Grooms' friendly country attitude and self-effacing demeanor gained the professor numerous lifelong friends among both Indians and non-Indians, rich and poor. "If you saw the man sitting around the campfire, playing his guitar, why you'd never know he was a bigtime college professor," said Hicks. "Don was a quiet man who spoke volumes. He didn't waste many words."

For more than a quarter century, Don Grooms was a fixture at the Florida Folk Festival, the state's annual Memorial Day weekend music showcase in White Springs. He was known for his clever compositions, such as "The Orange Blossom Special Don't Stop In Waldo Anymore,' and "Winnebago," as well as sensitive ballads dealing with Native American life such as "Walk Proud My Son," and "Tsali." Numerous other artists have recorded his songs. They are simple, guitar-driven compositions, touched with humor and irony and a particular vent against snobs, politicians, developers and fomenters of change.

His laconic wit got him into trouble, more than once, with state officials worried about what he might say or sing from the state's "politically correct" stages. Some cringed, but most cheered, whenever he would perform his version of "Old Folks At Home," the Florida State Song. Grooms sang the song exactly as Stephen Foster wrote it - complete with the minstrel show-style "black" dialect state lawmakers have "cleaned up" over the years.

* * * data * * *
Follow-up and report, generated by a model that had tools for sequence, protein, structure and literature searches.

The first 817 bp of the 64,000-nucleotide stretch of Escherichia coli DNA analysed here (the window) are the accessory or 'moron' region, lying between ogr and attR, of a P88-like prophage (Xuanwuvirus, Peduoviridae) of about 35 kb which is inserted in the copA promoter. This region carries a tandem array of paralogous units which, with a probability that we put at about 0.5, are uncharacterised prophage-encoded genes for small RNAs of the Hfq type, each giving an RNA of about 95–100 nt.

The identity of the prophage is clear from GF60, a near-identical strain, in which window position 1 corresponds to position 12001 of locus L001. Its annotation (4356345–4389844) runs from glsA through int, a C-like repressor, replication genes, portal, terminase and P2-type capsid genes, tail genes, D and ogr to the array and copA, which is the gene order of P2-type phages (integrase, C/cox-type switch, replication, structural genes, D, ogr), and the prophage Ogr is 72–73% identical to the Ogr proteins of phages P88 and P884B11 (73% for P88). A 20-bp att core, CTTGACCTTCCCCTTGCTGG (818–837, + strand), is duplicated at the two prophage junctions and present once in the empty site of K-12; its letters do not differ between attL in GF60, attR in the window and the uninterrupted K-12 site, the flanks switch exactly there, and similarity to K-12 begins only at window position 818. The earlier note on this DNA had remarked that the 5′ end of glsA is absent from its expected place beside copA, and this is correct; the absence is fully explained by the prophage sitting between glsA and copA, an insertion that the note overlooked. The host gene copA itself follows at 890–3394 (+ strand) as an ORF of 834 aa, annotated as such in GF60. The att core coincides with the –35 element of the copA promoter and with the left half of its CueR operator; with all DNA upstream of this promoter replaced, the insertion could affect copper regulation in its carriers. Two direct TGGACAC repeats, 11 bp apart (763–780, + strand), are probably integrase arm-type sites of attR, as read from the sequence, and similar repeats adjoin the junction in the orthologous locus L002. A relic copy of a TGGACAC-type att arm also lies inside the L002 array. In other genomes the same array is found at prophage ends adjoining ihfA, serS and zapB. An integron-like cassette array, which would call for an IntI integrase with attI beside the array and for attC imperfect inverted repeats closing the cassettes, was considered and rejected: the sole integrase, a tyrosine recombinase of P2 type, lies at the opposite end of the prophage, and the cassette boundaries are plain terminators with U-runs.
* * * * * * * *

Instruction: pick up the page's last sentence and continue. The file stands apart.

His ongoing critiques of the state's poor treatment of folk artists inspired many changes in the Florida Folk Festival and led to the creation of the state's public-financed Folk Arts Program.. He championed the causes of many young performers who were unable to make the festival lineup and defended the veterans and the old ways he felt the state was allowing to slip away. Using a biting wit that stung as much as it tickled, Don Grooms was not afraid to say what was on his mind. His beliefs and standards were adopted in the formation of the Friends of Florida Folk (FOFF) organization, which monitors the improved state Folk Arts programs.

In 1996, nominated by the Seminole Tribe of Florida, he was awarded the Florida Folk Heritage award - a folksinger's highest accolade. Much of his early musical career was spent appearing in Florida music clubs, including the Blue Sink in Hamilton County and the Gator Hook Saloon in the Everglades. "I played wherever they would let me," he liked to say. "And a lot of other places, too."

Grooms was a featured performer at festivals across the Southeast, including the Cocoa and Smallwood Store Seminole Festivals. At the 1992 Fire On The Swamp festival, he performed his Orange Blossom Special" song with fiddler Chubby Wise, who wrote the music for the original bluegrass train breakdown. Following the untimely deaths of McLean and Rogers, Grooms was generally considered the "patriarch of Florida Folk."

In addition to his wife, Grooms is survived by three sons, a brother, a sister and numerous nephews, nieces, cousins and friends. A private memorial service hosted by folksingers Frank and Ann Thomas was held Jan. 17 at Gore's Landing, near Silver Springs. A public tribute to Grooms, featuring musical performances by many of his peers, is scheduled for Feb. 7 at the Thomas Center in Gainesville. For information on that concert, call Jim Connors at 352-338-2970.